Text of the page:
The Securities and Exchange Commission has issued an alert to current and former federal employees warning about investment scam artists who may pretend to be affiliated with federal agencies.
The warning was directed to the 5 million+ participants in the Thrift Savings Plan along with investors in other federal government retirement plans. It reminds current and former federal employees that federal agencies, including the SEC, do not endorse or sponsor any particular securities, issuers, products, services, professional credentials, firms, or individuals.
In general, fraudsters may try to deceive investors by using the word “federal” or “government” in the name of their company, copying or imitating government emblems or seals, creating fake correspondence that looks like it is from a government agency, or sending email messages that link to an actual government website.
The SEC offers these tips in the event someone offers you an investment opportunity and claims any affiliation with the federal government:
- Do not trust any contact information or a website provided by someone contacting you with an investment idea when that person claims to be affiliated with the government, the TSP, or government retirement plans.
- According to the agency that administers the TSP, the TSP will never contact you by email, telephone, or mail asking you to provide sensitive personal information such as your account number, Social Security number, password, or PIN. The TSP will not contact federal employees about investment opportunities and does not authorize third parties to provide counseling or investment-related services to anyone.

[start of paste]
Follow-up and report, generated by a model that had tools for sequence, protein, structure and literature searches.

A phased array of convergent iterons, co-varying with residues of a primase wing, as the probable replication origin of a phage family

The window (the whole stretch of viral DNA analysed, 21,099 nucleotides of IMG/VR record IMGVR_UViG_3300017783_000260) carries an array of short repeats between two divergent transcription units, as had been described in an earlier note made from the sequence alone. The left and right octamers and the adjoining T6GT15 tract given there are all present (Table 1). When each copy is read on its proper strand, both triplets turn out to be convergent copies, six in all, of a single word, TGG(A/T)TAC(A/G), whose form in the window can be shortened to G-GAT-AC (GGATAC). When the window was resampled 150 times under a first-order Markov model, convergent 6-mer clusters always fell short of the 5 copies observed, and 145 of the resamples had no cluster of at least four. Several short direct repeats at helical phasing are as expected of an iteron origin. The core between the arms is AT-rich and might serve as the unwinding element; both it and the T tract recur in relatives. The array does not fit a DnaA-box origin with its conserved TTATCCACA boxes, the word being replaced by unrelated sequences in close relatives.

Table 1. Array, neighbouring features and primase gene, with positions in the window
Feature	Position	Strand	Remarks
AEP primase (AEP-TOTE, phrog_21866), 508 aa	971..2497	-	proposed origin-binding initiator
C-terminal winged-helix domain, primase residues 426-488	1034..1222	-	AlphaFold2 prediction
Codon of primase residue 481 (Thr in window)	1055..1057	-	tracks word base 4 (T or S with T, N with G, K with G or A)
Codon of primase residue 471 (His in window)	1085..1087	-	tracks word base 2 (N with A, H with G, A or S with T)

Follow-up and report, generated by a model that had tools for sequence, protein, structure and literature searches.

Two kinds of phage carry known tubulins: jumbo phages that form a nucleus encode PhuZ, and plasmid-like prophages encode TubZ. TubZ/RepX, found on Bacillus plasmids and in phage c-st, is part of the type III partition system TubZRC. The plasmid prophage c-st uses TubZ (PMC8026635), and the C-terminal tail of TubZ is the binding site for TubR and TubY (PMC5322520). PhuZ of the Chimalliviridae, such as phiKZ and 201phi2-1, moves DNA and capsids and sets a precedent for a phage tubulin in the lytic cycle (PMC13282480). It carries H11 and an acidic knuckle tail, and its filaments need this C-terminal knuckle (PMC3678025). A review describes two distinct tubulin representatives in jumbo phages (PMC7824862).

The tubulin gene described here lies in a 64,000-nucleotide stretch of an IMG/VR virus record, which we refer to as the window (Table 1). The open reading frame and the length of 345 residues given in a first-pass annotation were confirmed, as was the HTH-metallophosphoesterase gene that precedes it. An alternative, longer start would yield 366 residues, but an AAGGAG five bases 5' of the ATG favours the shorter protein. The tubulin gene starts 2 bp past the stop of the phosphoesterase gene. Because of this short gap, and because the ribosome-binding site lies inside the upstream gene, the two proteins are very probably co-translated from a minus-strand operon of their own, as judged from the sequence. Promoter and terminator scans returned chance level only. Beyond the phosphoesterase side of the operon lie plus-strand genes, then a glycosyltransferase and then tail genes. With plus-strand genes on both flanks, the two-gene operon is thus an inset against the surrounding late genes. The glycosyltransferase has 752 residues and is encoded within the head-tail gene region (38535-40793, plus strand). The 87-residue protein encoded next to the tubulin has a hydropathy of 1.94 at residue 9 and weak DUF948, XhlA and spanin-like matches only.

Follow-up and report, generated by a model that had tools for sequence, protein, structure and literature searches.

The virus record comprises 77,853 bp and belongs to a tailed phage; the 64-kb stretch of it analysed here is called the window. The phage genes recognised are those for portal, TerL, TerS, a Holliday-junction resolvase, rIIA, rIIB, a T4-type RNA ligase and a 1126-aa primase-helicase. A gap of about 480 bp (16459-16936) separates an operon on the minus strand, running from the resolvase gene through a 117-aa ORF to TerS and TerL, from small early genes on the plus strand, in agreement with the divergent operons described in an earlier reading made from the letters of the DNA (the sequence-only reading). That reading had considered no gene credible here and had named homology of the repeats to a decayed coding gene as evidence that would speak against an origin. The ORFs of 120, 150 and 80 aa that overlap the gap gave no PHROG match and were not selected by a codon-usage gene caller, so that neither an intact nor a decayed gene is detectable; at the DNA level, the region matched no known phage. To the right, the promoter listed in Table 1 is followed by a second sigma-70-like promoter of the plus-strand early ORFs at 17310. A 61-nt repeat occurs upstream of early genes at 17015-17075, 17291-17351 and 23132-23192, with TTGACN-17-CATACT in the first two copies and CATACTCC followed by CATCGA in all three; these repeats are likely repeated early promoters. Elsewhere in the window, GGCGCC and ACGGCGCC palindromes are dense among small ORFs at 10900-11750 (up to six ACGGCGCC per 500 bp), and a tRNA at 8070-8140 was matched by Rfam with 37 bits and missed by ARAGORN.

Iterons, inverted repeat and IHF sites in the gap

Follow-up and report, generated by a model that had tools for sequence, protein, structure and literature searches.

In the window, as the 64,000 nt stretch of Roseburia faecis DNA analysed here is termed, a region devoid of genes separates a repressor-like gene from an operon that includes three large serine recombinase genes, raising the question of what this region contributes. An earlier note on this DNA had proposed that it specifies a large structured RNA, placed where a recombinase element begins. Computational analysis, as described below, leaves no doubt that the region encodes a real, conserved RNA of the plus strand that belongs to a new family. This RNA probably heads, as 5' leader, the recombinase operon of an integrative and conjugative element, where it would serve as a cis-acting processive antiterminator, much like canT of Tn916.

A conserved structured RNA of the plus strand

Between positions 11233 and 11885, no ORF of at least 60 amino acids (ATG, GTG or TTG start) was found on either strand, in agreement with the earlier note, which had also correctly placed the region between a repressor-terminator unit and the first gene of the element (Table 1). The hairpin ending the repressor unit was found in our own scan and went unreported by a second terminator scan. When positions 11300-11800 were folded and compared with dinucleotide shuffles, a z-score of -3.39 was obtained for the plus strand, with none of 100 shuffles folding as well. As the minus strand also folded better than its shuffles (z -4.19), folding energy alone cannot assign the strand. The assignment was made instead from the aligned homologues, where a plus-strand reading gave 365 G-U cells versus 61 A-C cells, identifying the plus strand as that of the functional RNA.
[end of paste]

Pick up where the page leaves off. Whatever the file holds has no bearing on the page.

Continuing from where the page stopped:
- You can confirm that a seller is not affiliated with a government agency by contacting the agency directly or calling the SEC’s toll-free investor assistance line at (800) 732-0330.
- Always be cautious about providing personal information to anyone you do not personally know.
The SEC issued the alert in conjunction with news that it had charged four former brokers in the Atlanta area with misleading investors in the TSP in order to get them to roll their funds over to higher-fee, variable annuity products.
According to the allegations made by the SEC, the entity in question, Federal Employee Benefit Counselors, created the false impression that they were in some way affiliated with, or approved by, the federal government and deceived investors about the fees associated with, and the relative attractiveness of, the privately issued annuities.
The SEC alleges the defendants obtained personal information from the federal employees and then sent them reports that misleadingly described the recommended investment option. The defendants allegedly failed to disclose that this “option” involved investing with a third party that had no government affiliation. (See SEC Charges Former Brokers With Targeting Federal Retirees for details on this story)